John 1:1 KJV

In the beginning was the Word, and the Word was with God, and the Word was God. 2 The same was in the beginning with God. 3 All things were made by him; and without him was not any thing made that was made.

Hebrews 7:3 KJV

Without father, without mother, without descent, having neither beginning of days, nor end of life; but made like unto the Son of God; abideth a priest continually.

There has been a lot of discussion concerning the identity of Melchizedek and in most of them there has been a strong leaning towards identifying him as Christ.Based on that assumption how can one understand that in John(Christ) he seems to have a beginning whilst in Hebrews he is without beginning

How can we understand the above texts?

  • 2
    In the beginning - he was. But he, himself, has no beginning. I don't see a problem. He is eternal, without beginning. And when all else began (other than He, himself,) he was there - in the beginning. I do not understand your question. I suggest more clarity and detail is required, for a sensible answer to be forthcoming.
    – Nigel J
    Commented May 29, 2023 at 15:54
  • 1
    Theological synthesis questions are generally off-topic. And if you want to reconcile it with the idea that Melchizedek is Christ, you'd best ask the people who say so. Contrary to your impression, I don't think that is a very common position at all. In fact I'm not sure I've even ever heard it before now.
    – curiousdannii
    Commented May 31, 2023 at 2:23

6 Answers 6


The opening of the Gospel of John is a midrash of Genesis 1:1. Bereshit bara Elohim - "when God started to create the heaven and the earth".  "In the begining" in both texts does not apply to God or Christ but to the heaven and the earth. God and His Word (Logos, Jesus Christ), through Whom He created the universe, are eternal. The heavens and the earth had a beginning.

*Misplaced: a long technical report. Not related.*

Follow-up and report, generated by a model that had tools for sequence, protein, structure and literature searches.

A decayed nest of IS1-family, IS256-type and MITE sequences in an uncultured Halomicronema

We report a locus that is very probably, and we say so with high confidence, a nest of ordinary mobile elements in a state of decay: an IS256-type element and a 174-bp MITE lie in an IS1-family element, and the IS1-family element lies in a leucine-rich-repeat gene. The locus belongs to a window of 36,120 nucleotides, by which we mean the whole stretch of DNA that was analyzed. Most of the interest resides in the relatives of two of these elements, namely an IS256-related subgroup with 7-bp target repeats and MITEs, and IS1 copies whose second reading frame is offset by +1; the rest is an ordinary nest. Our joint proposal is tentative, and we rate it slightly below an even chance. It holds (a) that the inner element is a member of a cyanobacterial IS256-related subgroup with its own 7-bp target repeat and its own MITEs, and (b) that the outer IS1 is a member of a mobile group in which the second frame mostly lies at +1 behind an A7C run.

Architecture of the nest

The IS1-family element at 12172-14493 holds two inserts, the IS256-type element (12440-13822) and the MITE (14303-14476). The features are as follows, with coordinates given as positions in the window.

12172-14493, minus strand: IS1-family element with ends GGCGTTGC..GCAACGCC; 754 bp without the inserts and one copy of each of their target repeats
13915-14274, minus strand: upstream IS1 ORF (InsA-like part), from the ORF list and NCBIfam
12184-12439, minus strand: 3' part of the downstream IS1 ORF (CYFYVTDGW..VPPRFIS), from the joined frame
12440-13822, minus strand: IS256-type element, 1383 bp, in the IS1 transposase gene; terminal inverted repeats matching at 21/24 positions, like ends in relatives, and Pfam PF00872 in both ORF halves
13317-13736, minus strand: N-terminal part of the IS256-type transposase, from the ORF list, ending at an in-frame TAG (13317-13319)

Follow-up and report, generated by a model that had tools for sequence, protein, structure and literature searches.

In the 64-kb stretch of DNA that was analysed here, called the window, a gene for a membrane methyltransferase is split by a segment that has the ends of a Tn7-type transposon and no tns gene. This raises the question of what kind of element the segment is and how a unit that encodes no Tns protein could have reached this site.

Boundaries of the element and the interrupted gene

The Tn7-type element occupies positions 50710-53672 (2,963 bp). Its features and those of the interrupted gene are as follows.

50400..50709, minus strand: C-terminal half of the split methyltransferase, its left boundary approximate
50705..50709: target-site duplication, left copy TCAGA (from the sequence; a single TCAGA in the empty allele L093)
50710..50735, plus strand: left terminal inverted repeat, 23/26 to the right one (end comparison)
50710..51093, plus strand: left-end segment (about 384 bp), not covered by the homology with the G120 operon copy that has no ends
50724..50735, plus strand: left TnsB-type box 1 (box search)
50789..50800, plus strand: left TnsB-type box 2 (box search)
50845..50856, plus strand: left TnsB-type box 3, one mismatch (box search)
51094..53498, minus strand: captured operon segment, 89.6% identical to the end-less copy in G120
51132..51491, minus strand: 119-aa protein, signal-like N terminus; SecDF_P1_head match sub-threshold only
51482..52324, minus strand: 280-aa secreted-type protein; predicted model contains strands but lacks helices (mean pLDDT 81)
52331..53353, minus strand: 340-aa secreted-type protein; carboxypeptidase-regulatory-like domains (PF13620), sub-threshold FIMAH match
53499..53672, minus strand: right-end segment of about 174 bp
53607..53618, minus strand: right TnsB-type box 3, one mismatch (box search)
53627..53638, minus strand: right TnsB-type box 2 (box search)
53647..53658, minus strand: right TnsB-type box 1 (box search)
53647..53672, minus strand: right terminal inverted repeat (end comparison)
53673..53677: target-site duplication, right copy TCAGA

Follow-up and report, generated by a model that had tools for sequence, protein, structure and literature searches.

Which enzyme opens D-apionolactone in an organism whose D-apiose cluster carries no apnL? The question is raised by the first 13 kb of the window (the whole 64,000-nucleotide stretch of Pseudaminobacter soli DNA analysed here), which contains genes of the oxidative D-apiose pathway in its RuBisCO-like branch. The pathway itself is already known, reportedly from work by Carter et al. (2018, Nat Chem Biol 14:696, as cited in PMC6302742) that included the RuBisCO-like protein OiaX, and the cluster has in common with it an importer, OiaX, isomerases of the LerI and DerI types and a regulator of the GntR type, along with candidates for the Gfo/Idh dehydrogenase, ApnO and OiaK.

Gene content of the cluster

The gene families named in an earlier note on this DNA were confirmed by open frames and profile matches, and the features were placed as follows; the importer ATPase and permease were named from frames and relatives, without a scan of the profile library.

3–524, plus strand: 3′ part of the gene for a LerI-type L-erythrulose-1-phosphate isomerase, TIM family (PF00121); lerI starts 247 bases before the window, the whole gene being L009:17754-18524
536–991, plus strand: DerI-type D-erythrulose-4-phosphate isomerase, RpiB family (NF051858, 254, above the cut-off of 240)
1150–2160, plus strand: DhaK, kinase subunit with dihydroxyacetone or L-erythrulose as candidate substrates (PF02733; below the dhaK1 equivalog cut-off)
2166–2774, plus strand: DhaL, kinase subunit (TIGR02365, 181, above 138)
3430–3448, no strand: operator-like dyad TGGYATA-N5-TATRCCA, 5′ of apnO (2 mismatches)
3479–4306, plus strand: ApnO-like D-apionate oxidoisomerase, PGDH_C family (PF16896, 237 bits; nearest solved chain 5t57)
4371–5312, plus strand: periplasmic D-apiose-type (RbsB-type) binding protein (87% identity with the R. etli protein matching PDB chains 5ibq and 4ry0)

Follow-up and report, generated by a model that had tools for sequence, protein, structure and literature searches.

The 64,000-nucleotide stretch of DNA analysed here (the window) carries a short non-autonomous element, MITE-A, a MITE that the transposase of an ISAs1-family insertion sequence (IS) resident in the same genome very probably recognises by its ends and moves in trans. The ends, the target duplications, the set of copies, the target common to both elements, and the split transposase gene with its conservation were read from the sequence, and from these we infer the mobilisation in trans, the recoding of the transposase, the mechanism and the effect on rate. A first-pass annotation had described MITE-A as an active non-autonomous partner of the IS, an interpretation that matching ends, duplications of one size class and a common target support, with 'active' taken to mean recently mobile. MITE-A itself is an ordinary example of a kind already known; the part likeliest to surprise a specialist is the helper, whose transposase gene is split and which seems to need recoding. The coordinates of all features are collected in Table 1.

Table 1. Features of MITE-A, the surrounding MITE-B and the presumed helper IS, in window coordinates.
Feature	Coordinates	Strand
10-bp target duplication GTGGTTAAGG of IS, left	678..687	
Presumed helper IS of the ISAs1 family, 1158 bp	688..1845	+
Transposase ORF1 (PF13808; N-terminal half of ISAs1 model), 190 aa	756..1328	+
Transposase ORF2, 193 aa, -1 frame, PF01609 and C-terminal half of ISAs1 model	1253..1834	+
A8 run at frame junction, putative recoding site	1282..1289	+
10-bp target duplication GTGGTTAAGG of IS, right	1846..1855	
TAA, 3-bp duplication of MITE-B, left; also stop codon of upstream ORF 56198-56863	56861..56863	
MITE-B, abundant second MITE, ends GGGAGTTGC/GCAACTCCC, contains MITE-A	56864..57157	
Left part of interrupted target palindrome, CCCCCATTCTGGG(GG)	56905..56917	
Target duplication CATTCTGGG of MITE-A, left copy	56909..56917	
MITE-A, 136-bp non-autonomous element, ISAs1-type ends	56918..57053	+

On a side note, as has been already said, Melchizedek is a picture and a shadow of Christ.

  • +ארקדיוס@ +1 Why the Latin name written in Hebrew?
    – Perry Webb
    Commented May 29, 2023 at 15:26
  • 1
    @Perry Webb It is a long story. It seemed like a good idea. And it is my birth name too. Commented May 29, 2023 at 19:54
  • 2
    @Arcadius -- In that case it sounds like a good idea.
    – Perry Webb
    Commented May 29, 2023 at 21:47

John 1:1 does not say the word began (γενεσθαι). It says the Word was (ἠν). Hebrews 7:3 supports the interpretation of the eternal existence of the Word in John 1:1.

Was (ἠν [ēn]). Three times in this sentence John uses this imperfect of εἰμι [eimi] to be which conveys no idea of origin for God or for the Logos, simply continuous existence. Quite a different verb (ἐγενετο [egeneto], became) appears in verse 14 for the beginning of the Incarnation of the Logos. See the distinction sharply drawn in 8:58 “before Abraham came (γενεσθαι [genesthai]) I am” (εἰμι [eimi], timeless existence). -- Robertson, A. T. (1933). Word Pictures in the New Testament (Jn 1:1). Broadman Press.


Melchizidek was understood (by the Church Fathers) to be a type (τύπος) of Christ, but not Christ Himself. Without father or mother or genealogy and neither beginning of days nor end of life does not mean that he was without beginning or end, but rather that his origins and life history were not known (see, e.g. John Chrysostom's Homily XII on Hebrews)